According to the Bible, the wilderness may be the most important spiritual training ground in one’s relationship with God. Moses met God in the wilderness through a burning bush. Elijah heard God’s still, small voice when he fled to the wilderness. David spent significant time in the wilderness both as a shepherd and as a fugitive. John the Baptist lived in the wilderness for a significant portion of his life. Even Jesus, before starting his three-year ministry, spent forty days in the wilderness being tempted by Satan. As I read and meditated on these Biblical accounts, I began to desire to have my own wilderness experience, and in October 2015, I had the opportunity to do just that. I want to share with you what I learned and experienced during those four days alone in Joshua Tree National Park, for it was during those four days when God opened my ears and mind to hear his voice.
Within the first few hours of arriving at my destination, my sensitivity and love for the glory of God already began to grow. As I gazed out over the horizon, my spirit was drawn towards the beautiful mountains and the wondrous thunderclouds like some gravitational pull. As wonder took ahold of my heart, I began to reflect on the universality of wonder. It appeared to me that all mankind experiences wonder. This reflection brought my thoughts back to a paper I wrote the previous semester. Through Romans 1:18-23, I was trying to answer, “what is the knowledge of God that is evident through creation and all of mankind is without excuse of knowing?” In this paper, I concluded that this knowledge is a felt ignorance or emptiness. The fact that mankind universally feels empty, unfulfilled, and useless points to the reality that man is supposed to be full, filled, and useful. I argued that this would make man aware of a Creator. However, my reflections on wonder made me realize that I may not have given a full picture in my paper. One of my favorite authors, Thomas Traherne, talks about how all people are drawn by wonder to something they do not know, which he concludes to be “the fellowship of the Mystery which from the beginning of the World hath been hid in God”. He later elaborates on the fellowship of the mystery saying it “is not only the contemplation of [God’s] Love in the work of redemption…but the end for which we are redeemed; a communion with Him in all His Glory.” I think the knowledge that Paul talks about in Romans 1:20 consists of recognition of both the feelings of emptiness and of wonder. Emptiness teaches us that we ought to be filled by something. Wonder teaches us that there is something outside of us that can fulfill us. Doesn’t it make sense that the thing mankind is universally drawn towards ought to be the same thing that fills the universal emptiness in man? I believe that man is universally drawn towards “the fellowship of the Mystery” through wonder, and “communion with God in all his glory” is the missing piece to the hole in man’s heart.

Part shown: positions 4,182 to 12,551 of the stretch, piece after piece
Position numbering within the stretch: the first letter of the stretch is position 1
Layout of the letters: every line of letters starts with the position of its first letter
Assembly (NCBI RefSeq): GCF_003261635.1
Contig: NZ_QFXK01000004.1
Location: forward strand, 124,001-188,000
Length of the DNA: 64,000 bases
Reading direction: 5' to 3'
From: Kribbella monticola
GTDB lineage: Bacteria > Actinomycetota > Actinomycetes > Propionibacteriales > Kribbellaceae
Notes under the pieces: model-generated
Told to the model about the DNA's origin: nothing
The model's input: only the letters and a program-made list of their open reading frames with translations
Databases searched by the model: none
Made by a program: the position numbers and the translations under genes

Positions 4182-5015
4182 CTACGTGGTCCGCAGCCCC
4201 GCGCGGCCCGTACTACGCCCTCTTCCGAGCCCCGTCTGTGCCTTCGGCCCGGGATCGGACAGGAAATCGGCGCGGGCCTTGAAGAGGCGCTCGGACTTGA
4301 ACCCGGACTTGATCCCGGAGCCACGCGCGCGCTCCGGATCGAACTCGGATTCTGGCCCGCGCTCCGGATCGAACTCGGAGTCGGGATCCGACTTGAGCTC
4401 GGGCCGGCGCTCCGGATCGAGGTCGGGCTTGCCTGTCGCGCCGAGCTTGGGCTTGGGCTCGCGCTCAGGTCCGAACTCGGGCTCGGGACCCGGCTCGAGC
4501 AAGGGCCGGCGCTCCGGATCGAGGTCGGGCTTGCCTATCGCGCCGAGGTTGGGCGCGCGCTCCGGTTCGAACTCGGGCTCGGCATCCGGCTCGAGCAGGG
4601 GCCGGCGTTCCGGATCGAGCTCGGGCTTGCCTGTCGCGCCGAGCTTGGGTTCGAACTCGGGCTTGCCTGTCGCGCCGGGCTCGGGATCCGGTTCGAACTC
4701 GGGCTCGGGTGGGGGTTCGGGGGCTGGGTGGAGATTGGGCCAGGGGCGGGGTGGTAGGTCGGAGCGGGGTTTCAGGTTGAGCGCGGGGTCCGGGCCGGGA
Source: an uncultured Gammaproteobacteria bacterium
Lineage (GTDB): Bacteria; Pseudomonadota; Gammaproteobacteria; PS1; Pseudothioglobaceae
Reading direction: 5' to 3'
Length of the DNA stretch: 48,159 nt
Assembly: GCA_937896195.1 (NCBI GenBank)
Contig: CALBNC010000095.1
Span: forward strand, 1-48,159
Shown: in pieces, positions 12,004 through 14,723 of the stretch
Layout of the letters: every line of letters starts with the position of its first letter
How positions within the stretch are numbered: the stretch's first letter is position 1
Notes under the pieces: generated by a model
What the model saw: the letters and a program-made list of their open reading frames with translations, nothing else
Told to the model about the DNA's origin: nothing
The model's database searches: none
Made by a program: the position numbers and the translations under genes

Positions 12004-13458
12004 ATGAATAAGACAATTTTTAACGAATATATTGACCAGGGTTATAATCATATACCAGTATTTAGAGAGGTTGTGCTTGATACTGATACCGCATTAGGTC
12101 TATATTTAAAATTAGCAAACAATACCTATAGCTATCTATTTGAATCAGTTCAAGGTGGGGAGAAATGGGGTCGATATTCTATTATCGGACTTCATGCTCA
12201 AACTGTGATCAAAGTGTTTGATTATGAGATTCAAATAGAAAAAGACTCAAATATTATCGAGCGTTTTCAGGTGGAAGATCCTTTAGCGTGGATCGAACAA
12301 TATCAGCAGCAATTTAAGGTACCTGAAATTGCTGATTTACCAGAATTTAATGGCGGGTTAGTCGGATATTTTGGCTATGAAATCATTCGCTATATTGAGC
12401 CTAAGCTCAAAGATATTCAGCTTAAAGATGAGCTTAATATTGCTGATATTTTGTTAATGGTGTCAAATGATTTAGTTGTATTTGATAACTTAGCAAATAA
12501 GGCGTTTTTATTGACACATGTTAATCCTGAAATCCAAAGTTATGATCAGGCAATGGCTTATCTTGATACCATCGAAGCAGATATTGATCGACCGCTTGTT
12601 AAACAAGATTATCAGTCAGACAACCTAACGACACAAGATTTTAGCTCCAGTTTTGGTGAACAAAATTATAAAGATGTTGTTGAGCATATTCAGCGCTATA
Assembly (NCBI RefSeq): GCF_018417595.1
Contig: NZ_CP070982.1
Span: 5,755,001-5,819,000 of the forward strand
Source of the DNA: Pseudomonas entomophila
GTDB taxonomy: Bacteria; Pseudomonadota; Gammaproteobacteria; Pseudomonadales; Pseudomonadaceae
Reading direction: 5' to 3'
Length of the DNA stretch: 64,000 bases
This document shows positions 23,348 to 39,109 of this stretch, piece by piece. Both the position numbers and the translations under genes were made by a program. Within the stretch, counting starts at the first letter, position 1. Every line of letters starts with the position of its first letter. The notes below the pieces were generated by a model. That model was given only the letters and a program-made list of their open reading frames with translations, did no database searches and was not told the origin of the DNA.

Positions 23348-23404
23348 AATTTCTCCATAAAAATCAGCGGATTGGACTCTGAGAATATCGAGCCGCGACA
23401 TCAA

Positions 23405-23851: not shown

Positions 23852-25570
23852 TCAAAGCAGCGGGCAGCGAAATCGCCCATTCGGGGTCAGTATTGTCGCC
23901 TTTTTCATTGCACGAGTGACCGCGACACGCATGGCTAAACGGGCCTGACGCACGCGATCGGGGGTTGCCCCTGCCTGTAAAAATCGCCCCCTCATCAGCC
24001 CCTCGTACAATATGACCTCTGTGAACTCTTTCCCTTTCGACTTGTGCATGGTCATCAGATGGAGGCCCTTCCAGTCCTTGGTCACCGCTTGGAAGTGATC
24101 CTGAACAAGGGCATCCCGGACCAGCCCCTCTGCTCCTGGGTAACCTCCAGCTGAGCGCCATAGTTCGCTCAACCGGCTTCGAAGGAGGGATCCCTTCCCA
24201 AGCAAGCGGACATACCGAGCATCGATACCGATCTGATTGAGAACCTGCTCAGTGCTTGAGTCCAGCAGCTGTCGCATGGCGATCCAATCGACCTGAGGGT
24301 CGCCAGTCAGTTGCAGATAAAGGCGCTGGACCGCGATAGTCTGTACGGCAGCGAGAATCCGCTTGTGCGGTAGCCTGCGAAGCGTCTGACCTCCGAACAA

In the wilderness, my mind stretched out towards God more than it ever has before.